Jerry Powell didn't want to train girls; he thought he was too aggressive. But when one of his regular clients came in for a session one day and insisted that Powell train his 9-year-old sister, Powell relished the opportunity, saying, "I'm going to wear her out!''
He tried. But the girl showed no signs of tiring, even after Powell put her through every drill he knew, a rigorous program that many older, stronger boys couldn't handle. She left the gym full of energy. This is not normal, Powell thought.
In an era of overnight sensations and instant gratification, Bria Hartley's story is a reminder that besides talent, hard work is the most important ingredient in success. The University of Connecticut basketball star has what her coach at North Babylon High School, Mike Petre, calls "unmatched work ethic'' and "unrelenting will.''
It was not uncommon for Hartley to spend a summer day going from a training session with Powell to a team workout with Petre to an AAU game with Exodus NYC. Every winter, she would return to the North Babylon varsity, which she played on as an eighth-grader, having added a new element to her game. She came back as a sophomore with a lethal step-back move; as a junior, she honed her pull-up jumper; by her senior year, she had deep shooting range.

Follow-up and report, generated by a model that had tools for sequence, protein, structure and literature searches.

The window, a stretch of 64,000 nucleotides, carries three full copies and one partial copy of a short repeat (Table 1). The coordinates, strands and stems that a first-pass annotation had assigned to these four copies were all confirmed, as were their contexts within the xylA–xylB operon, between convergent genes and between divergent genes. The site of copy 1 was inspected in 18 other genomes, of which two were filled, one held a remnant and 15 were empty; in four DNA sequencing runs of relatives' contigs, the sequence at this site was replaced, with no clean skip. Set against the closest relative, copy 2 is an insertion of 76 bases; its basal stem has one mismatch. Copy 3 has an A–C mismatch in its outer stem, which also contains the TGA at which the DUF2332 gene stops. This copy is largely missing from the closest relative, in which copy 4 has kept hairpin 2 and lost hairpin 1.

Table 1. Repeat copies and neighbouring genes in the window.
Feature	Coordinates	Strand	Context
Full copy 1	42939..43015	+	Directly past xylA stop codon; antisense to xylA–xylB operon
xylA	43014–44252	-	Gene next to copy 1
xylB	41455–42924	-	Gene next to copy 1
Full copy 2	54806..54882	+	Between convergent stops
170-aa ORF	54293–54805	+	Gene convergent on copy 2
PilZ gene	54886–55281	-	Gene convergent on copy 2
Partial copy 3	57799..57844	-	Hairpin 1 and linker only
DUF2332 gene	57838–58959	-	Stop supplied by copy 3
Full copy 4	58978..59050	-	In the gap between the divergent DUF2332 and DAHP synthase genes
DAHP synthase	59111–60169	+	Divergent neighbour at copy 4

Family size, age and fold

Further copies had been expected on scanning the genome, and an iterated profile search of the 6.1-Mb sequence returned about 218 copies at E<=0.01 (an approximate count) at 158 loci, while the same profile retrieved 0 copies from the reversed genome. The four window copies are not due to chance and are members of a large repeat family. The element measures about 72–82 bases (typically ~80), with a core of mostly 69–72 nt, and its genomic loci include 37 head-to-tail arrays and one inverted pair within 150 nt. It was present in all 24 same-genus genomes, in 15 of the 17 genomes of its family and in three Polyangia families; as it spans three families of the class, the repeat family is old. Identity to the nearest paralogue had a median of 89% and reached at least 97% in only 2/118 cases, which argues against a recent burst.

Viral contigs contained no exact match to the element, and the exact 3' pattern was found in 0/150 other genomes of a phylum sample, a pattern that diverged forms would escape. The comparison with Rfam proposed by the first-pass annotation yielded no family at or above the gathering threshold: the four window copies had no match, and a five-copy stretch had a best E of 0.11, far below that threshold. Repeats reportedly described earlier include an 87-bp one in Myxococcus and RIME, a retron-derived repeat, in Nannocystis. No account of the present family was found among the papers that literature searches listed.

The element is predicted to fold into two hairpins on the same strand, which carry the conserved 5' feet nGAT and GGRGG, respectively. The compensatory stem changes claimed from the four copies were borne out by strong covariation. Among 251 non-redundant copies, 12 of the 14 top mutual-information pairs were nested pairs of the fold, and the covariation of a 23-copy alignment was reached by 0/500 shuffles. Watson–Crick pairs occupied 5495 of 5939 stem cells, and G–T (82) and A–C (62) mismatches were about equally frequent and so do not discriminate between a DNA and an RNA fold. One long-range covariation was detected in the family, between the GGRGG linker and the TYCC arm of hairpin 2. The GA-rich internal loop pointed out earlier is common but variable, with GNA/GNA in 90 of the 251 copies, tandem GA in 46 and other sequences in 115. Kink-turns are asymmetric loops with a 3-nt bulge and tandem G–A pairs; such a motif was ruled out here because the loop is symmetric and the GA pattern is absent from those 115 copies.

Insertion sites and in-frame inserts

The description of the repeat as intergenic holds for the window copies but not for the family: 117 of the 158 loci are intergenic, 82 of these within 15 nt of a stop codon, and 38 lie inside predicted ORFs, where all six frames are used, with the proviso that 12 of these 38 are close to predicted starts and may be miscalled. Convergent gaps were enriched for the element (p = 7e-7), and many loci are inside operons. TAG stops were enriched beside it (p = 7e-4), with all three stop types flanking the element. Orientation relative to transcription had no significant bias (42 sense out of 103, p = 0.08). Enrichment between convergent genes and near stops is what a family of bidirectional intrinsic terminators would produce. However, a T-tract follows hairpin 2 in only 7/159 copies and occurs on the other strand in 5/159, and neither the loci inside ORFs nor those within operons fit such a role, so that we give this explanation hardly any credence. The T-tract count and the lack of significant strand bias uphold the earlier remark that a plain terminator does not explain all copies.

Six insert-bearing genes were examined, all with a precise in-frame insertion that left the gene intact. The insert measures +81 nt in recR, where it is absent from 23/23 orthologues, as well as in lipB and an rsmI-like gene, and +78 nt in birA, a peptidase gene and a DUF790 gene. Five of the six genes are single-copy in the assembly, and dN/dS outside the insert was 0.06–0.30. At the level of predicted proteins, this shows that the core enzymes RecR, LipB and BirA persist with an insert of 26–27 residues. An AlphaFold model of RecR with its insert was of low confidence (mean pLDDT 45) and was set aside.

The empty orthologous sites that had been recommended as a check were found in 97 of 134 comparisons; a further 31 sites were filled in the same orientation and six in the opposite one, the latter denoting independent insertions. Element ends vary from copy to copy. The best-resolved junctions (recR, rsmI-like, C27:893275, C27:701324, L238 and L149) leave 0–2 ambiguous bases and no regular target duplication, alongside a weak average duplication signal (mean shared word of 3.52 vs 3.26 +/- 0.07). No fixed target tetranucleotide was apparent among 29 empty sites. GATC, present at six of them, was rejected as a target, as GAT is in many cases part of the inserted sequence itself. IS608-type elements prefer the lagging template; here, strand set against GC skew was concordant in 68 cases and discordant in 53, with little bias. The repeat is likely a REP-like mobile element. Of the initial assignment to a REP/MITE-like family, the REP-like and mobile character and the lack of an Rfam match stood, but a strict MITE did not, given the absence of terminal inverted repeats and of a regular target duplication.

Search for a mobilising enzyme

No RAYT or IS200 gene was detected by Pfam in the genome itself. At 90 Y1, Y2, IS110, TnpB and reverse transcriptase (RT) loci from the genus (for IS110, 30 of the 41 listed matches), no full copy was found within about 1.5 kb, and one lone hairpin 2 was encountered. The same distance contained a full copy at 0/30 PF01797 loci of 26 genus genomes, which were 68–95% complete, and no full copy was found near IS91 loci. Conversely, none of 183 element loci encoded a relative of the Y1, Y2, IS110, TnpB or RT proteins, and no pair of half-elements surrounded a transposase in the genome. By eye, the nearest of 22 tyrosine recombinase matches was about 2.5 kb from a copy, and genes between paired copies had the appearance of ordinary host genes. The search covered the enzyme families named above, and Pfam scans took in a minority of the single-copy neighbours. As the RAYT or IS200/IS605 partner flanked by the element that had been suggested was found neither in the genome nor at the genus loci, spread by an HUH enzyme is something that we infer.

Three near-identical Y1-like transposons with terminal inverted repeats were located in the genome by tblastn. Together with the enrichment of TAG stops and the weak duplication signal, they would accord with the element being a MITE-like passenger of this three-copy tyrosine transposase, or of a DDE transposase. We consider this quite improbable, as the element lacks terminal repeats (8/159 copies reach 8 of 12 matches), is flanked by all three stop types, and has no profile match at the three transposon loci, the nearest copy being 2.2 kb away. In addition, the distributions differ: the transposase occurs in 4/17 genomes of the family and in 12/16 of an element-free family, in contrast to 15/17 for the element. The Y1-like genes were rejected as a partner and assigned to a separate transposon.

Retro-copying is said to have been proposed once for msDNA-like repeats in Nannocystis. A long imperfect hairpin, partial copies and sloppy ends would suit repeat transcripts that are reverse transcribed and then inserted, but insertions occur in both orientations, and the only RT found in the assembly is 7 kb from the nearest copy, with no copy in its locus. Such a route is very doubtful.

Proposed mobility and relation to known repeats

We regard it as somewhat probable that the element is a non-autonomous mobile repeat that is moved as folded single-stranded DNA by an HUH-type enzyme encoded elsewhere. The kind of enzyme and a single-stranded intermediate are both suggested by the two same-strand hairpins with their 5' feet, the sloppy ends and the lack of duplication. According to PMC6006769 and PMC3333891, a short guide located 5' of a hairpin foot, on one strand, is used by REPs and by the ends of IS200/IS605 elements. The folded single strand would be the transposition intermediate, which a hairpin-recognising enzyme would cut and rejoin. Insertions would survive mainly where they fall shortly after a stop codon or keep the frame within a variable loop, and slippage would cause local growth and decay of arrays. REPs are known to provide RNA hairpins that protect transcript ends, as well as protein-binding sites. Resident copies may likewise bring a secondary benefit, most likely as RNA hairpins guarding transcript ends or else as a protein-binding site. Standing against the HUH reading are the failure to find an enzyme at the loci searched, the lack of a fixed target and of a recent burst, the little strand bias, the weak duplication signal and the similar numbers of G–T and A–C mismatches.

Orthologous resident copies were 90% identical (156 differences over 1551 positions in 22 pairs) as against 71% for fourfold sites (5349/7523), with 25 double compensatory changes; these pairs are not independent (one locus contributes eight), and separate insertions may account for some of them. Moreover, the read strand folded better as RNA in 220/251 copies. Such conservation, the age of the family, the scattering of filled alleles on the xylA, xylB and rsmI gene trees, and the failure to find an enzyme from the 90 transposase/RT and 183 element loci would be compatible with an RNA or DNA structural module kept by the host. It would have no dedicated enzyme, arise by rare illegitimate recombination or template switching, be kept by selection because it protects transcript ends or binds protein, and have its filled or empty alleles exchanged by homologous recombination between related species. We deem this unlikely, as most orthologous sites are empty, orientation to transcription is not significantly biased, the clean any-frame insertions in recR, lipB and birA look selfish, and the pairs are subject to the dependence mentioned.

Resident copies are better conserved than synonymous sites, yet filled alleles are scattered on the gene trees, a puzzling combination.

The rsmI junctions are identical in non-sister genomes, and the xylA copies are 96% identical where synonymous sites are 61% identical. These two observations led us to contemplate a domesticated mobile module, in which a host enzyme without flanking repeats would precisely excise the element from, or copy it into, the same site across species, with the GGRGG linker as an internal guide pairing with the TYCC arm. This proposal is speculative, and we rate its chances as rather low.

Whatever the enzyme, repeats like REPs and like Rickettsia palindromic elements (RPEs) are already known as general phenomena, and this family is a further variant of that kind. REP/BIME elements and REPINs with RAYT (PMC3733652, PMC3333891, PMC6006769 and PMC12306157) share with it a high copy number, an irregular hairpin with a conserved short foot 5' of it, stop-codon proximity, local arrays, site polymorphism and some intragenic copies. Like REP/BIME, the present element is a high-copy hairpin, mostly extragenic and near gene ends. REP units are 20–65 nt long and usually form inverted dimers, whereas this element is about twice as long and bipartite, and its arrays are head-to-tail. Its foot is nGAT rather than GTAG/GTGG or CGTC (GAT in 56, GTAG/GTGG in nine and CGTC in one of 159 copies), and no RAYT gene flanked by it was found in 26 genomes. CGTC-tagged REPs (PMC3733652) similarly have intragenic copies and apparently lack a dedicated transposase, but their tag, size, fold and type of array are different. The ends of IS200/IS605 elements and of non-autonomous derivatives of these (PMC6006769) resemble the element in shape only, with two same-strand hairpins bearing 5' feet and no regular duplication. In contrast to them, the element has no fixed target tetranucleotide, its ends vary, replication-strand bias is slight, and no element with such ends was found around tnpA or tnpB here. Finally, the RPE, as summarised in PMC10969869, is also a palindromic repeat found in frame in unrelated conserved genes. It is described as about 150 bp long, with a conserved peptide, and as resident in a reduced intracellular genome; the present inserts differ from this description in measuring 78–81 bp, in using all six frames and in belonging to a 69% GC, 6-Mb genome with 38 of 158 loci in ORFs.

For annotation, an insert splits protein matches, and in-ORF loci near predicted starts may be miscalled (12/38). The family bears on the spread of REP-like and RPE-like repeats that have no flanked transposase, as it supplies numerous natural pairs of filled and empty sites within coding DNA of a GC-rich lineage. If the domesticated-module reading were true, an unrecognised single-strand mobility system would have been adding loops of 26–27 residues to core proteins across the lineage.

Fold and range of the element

What has separated the 5-8 guard from her competition is her stamina. Petre and Powell said they've never seen her tired, and both used the term "freak'' to describe her conditioning. "She has first-quarter legs in the fourth quarter,'' Powell said.
The two-time New York State Player of the Year helped North Babylon win the Long Island championship as a freshman and sophomore in 2007 and 2008. As a senior she had 51 points, a record for a Suffolk final, in a loss.
She chose Connecticut because she thought it gave her the best shot at a national championship. Coach Geno Auriemma sealed the deal.
Many of her conversations with college coaches were one-sided, with Hartley giving one-word answers or saying "I don't know'' when asked about her future. "I was young and didn't know what I wanted,'' Hartley said. It was different with Auriemma, who was able to ask questions in a way that elicited full, thoughtful responses.
Hartley and Auriemma often clashed during her freshman season. "She's very, very, very stubborn,'' Auriemma said. "A lot of good players have that in them. They think they know everything.''
Forced into the starting lineup because of an injury, Hartley was the Big East Rookie of the Year and an All-American as a sophomore. UConn lost in the Final Four both years before capturing the national championship last season.
On Sunday at Madison Square Garden, Hartley scored eight points and grabbed four rebounds in UConn's 80-47 win over California in the Maggie Dixon Classic. She is the second-leading scorer for the Huskies (12-0), averaging 14.6 points. Breanna Stewart (19.3) had 29 Sunday.
As one of two seniors on the team, Hartley will be counted on to lead Connecticut to its eighth NCAA title in the past 15 seasons. Anything less is considered a disappointment at UConn, but those expectations are part of the reason Hartley chose the school.
She will never get tired of that.
Handford wins it for Storm. In the first game, St. John's beat Texas A & M, 72-70. Aliyyah Handford had 27 points for the Red Storm (6-4), including the winning layup with two seconds left. North Babylon's Eugeneia McPherson scored 14 despite taking only six shots.